The definitive guide to Website Speed Optimisation
If you are frustrated by your website’s slow loading speed, This is the speed improvement guide for you. Website loading speed is a critical factor when it comes to retaining visitors and Google is enforcing a harsh stance on it. To show how commit Google is to fast loading speeds, they even implemented Google Accelerated Mobile Pages (AMP) for near instantaneous loading. In the search engine ranking pages, developers have also started to notice shifts to the ranking positions based on the loading page of the pages. Here are the 10 tips you should look at for any website optimisation:
Before you even get started with optimising your website, you need a few tools to give you a good overview of how your website is doing. Personally, I use three sites to help me wth this: Google Page Insights, Pingdom Tools and GTmatrix. While GTmatrix generally covers every aspect you would need to determine the underlying issues, I use Pingdom tools to see at a quick glance the ratings for each component such as server response, scripts and the number of requests. Google Page Insights helps me to understand Google’s ratings on my website as a whole and GTMatrix helps me to identify various aspects of my website loading. Try these websites out yourself and see which tool you prefer as a while.
Images are one of the largest contributing factors to slow website loading. If you are using WordPress, there are a few reliable images optimising plugin out there. However, to get the full feature set, most of them require an add-on purchase. One great example of a plugin I use is Smush Image Compression and Optimisation. They do a great one-click job for optimising all your images and I can’t give enough praises for the ease and quality of compression.
Alternatively, if you want the best compression possible for free, I personally use a free website, Optimizilla. Optimizilla is also one of the personal tools I use to improve Proximacy. You can upload up to 20 pictures at a time and it optimises the pictures automatically for you. You can even fine-tune the optimisation by increasing or decreasing the quality on the fly.
A cache is basically a temporary storage area. The act of caching is to store files necessary for your website on the user’s hard disk. This way, the website loads quicker as a whole and lesser requests are needed in order to load all functions of the website. For WordPress users, there are many caching plugins available that works well with most themes. One I use is W3 Total Cache. It does a great job caching most aspects of my website while retaining its original look and improving speed overall. It is imperative to understand that not all caching plugin works with your theme. As such, it is important to test each option and see the result for optimum performance. WPMEDEV makes a great guide but it’s important to test your own settings to make sure its fully compatible with the design and function of your website. If you want a best fit solution, you can also pay the W3 Total Cache Developers a fee to use the best settings for your website.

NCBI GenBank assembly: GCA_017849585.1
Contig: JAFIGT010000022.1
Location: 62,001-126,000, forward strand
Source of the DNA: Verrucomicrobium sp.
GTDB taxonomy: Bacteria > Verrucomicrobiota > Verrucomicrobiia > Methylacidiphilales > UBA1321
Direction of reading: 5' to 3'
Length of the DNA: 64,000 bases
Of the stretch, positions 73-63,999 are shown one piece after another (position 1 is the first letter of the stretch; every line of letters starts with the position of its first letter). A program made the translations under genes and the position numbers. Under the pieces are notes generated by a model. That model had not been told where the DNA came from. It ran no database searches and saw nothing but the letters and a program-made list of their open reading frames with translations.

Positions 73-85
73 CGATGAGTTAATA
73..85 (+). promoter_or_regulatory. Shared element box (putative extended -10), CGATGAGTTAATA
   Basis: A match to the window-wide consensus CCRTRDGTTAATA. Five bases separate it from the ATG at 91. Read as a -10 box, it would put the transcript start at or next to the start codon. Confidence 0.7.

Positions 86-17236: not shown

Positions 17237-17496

Another type of popular caching is now a server-side caching such as NGINX. NGINX is a load balancer and HTTP cache. Most popular with higher-end hosting solutions and WordPress specific hosting, NGINX is a suite of products that come together to increase the performance of your website when compared to a regular server. A lot of MNCs such as Starbucks, American Express and Bank of America uses it as well so you are assured its a reliable and great product.
CDN or better known as a content delivery network is one of the most effective methods to reduce your server response time. Your server response time usually depends on your type of hosting; shared hosting tends to be slower while a dedicated server ensures optimum server response. A CDN helps to speed up this process by reducing the distance between the visitor and your website’s server by storing your website files in various servers all over the world. For example, if an Indonesian client visits your website from Indonesia, a server in Indonesia will be tasked to deliver the content to the user. Despite your main server being located in other parts of the world.
If all the above methods don’t work, you should look towards reducing the number of plugins activated in your website. Some plugins tend to be very intensive and take up a lot of server memory which can, in turn, lead to slow performance as a whole. For a start, look through your plugins and categorise them into essential and non-essential plugins. Disable and delete them and determine whether it is the cause for the excessive draw of computing power. Remember that having as little plugins will be beneficial for your website in the long run.
This is not an exhaustive list on optimising your website but will be a great start to improve your speed overall. Website speed is becoming a more important factor for both mobile and desktop searches and Google is taking a hard stance on loading speed on a whole.
Leave a ReplyWant to join the discussion?
Feel free to contribute!